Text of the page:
MOORESVILLE, N.C. – To add to the intrigue of Saturday’s Genesys 300 NTT IndyCar Series contest at Texas Motor Speedway, the event will be the first race of the aeroscreen era.

The safety initiative features a partially enclosed canopy-style aeroscreen that is added for additional driver safety. Although various types of the aeroscreen have been tested for more than two years, Saturday’s race will be the first time it has been used at night.

Because the COVID-19 pandemic forced a lengthy shutdown to sports and regular life, the IndyCar Series banned all testing.

So, what challenges exist to use the aeroscreen at night in terms of glare and possible reflection?

“That’s a good question,” said IndyCar star Alexander Rossi of Andretti Autosport. “I think the bigger question mark that we all have is how the aeroscreen is going to play a factor in the heat. Obviously, Texas is a really hot race. It’s already pretty physically demanding just because of that fact.

“With the screen it’s going to be quite a bit hotter, so is it going to make that big of a difference or not. Again, we haven’t really tested so we don’t really know.

“Ultimately I think that’s the bigger question mark in terms of physical preparation versus the one-day event. We’ve done similar things in the past before, and ultimately everyone is very prepared. We’ve had a couple extra months now to make sure we’re ready to go come the first race. From that standpoint, I don’t think it’s too big of an issue. It’s, again, just the heat and having the mental capacity to go through all the processes that you’ll do in practice and qualifying and then still have enough bandwidth left come race time.”

Five-time NTT IndyCar Series champion Scott Dixon has been one of the main test drivers of the aeroscreen project for IndyCar. His feedback has been vital in the evolution and development of the safety device.

The aeroscreen was designed to protect drivers from head impacts during NTT IndyCar Series events. (Chris Graythen/Getty Images Photo)
The aeroscreen was designed to protect drivers from head impacts during NTT IndyCar Series events. (Chris Graythen/Getty Images Photo)

“I think it should be pretty good,” Dixon said. “I think with some of the testing that we had done even at Indianapolis, Richmond, then a bunch in the road course kind of platform, I think the unknowns we’ve never really run at night with the Aeroscreen. They moved the race starting time up by an hour so you’re going to have that transition from the light. It could be a bit of an issue.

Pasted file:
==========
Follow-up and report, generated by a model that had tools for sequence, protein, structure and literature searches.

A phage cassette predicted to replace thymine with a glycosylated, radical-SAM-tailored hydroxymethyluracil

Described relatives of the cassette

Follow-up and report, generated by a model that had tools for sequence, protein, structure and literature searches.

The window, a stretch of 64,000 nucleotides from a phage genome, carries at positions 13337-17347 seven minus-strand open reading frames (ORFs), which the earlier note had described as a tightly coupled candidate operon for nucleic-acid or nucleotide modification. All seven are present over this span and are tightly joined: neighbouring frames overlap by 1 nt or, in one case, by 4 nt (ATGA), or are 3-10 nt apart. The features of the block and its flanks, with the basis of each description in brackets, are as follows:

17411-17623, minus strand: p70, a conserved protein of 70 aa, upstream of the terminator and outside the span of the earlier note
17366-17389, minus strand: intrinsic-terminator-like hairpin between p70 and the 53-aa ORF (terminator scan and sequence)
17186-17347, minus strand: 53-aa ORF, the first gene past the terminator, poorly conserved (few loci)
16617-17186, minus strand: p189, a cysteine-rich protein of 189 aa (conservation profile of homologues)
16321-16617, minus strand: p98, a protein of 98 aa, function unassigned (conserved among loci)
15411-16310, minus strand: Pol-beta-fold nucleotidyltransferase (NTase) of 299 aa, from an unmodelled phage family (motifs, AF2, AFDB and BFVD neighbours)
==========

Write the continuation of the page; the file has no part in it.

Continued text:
“Honestly, some of those things we kind of witnessed a little bit of that at COTA when the practice session ended quite late. There were some pieces that you could kind of put on the screen to help with some of the reflection. That was better.”

Nearly every driver in the field has tested with the aeroscreen except one. Amazingly, it’s long-time star Tony Kanaan, who did not participate in the pre-season test at Circuit of the Americas in February. Kanaan is scheduled to compete in all five of the oval races on the schedule.

The only time he has had a chance to adapt to the visual aspect of the aeroscreen is through the iRacing IndyCar Challenge – a six-race virtual series that ran through May 2. He said he hopes his experience in the digital world will allow him to adapt to the aeroscreen in real life.

“Honestly I hope so because I have no idea how to answer that because I have not been in the car,” Kanaan said. “I didn’t even sit in the car in the shop. My car is not ready yet with the windscreen. I think I’m going to go to the shop tomorrow and try.

“iRacing has been, as far as the graphics, pretty good at it. Hopefully it will be the same. If it’s the same, I have plenty of sim time already.”

Nothing replaces the real thing and no matter how realistic iRacing and simulators are to helping drivers prepare for an event, the best tests and evaluations will come in a real race car on a real race track under high speeds.

“I think the one thing to take away from iRacing is it’s the first time that any of us saw the aeroscreen a stint into a virtual race or a real race,” said Andretti Autosport driver Zach Veach. “We ran the thing at COTA and there wasn’t really any bugs or debris there, so you didn’t get to see much, but at Sebring obviously there was some insects and stuff that would accumulate on it, but nothing that was bad to see through. But with the iRacing thing you actually got to see quite a bit of rubber on the aeroscreen itself, which I want to think is realistic. A lot of their models have been as far as like how the marbles build up outside of the racing line.

“As Alex said, I think we’re worried more so about what the heat is going to be like in Texas, just that first race back, trying to be a bit race fit. That usually comes in with the second or third race, so that’s going to be more of an adjustment, I think, than visually.

“But there is a slight worry of the sunset. That first stint at Texas is always so difficult because the sun isn’t behind the grandstands yet. But we’re just going to get creative with some tinted tear-offs and pull those as necessary just like we did in the last two years.”

Marco Andretti has competed in every race at Texas Motor Speedway since 2006. Glare is something drivers have had to contend with before the advent of the aeroscreen.

He believes teams and drivers will adapt.

“I’m not sure how realistic iRacing is from a glare standpoint, but I think with or without the wind screen, the first stint is always tough at Texas with the sun,” Andretti said.